What do you like to do in your free time? A dreaded question for some. For others, it’s easy – they like to throw around a frisbee, belt out some tunes at the karaoke, ponder the cryptic round in a pub quiz, perhaps even go for a swim in a pool with questionable hygiene.
For me, it’s door hunting.
Just over a year ago, I was strolling down Earls Court Road and spotted a particularly beautiful looking door. As I often did, I whipped out my camera and took a quick snap. Now this door was a real humdinger and I thought to myself, ‘The world needs to see this’. So, I set up an Instagram account and shared my find. And that was that. Since then I’ve been frittering away my free time roaming the streets, capturing gems wherever I can and posting them online for the world to enjoy.
Well, there’s something fascinating about how such a simple shape that can take so many different forms. A door is something common to all people and yet the colours, sizes, textures, features and surrounding area all come together to something completely unique. When I look at a door, I think about the owner and try to piece together the world that they live in. A door is symbolic of crossing the threshold into someone’s life and I think of the exterior as a sneak peek into the person’s character.
At this point, you might be thinking, ‘This girl is barmy’. Well, maybe. But I’m certainly not alone. There’s a whole army of door lovers out there who are revelling in the joy of seeing each other’s finds. Search online for common hashtags like #doortraits and #ihavethisthingwithdoors and you’ll find a whole host of fellow doorks.
What does the future look like for me?
When I started, I simply wanted to share dreamy doors. As I’ve continued, it’s become obvious that there are two particular types that I adoore the most: the vibrant, extroverted species & the ageing, peeling shabby chic specimens. These characterful doors add a bit of spice and excitement to a street, something extremely welcome as a distraction from the anonymity of modern architectural design.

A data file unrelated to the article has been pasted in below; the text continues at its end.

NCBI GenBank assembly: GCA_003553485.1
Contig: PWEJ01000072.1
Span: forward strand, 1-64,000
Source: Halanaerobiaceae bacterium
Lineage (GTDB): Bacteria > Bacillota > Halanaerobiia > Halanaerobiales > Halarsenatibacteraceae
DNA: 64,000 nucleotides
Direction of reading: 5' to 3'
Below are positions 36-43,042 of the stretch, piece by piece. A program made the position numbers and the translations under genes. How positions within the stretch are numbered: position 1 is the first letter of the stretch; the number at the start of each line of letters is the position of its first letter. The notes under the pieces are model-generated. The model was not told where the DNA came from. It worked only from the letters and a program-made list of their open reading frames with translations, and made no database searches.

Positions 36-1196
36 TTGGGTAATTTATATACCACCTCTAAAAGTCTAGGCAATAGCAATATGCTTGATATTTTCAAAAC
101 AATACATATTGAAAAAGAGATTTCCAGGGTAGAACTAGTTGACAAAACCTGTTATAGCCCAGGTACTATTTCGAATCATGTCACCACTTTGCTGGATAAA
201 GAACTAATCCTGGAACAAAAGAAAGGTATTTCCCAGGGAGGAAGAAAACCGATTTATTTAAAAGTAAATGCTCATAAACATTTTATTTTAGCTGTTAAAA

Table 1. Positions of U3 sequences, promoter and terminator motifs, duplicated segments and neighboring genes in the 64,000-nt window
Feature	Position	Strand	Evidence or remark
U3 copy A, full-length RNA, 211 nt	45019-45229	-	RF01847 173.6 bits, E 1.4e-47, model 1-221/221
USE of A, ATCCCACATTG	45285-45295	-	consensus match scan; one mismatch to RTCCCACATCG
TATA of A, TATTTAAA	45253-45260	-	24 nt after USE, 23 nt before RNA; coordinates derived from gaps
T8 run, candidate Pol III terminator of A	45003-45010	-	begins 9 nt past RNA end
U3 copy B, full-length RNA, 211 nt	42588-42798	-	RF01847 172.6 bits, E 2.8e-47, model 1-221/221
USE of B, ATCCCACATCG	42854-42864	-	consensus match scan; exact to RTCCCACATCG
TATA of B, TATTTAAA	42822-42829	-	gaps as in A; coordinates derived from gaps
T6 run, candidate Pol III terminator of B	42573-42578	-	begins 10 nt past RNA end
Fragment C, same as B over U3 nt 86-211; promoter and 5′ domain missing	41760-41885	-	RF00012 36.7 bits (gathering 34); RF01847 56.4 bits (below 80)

In January this year, I did a video interview with the BBC about my somewhat strange hobby. Perhaps due to it being a particularly slow news week, the ‘woman obsessed with doors’ ended up on the BBC’s homepage where Dan Sullivan, MD of DOORCO, watched it. He got in touch to see if I’d be interested in any kind of collaboration and, all of sudden, the proverbial door was opened…
I met with DOORCO to discuss all kinds of creative ideas and I was immediately excited by the company’s plans for the future. DOORCO sell composite doors and they are looking to offer more creative, bespoke designs – maybe even give consumers the chance to design something more individual. This matches exactly what I’d love to see from doors in the future and I am delighted to have been assigned as their Creative Consultant.
Step one was pencilling in a visit to their factory in Macclesfield to check out where all the magic happens. I wasn’t sure what to expect and had in my mind the door vault scene from Monster’s Inc with furnishings flying all over. Although not entirely accurate, it was closer than you might think. Their warehouse is vast, with rows and rows of doors stacked all the way to the ceiling. Dan showed me the areas where people were using all kinds of complex-looking machinery to create the designs, colours and glass seen all over the country. Each station has different specialities and I was excited by all the possibilities.
After the tour, Dan asked my impressions of the factory, DOORCO and everyone I’d met. I informed him that as the first proper door person I’d met, he seemed much more normal than I expected. I travelled back home with ideas buzzing around my head that I can’t wait to share. However, for this month all those thoughts are remaining strictly under lock and key…
Until next time!
Jeyda, Chief Doork
Creative Consultant for DOORCO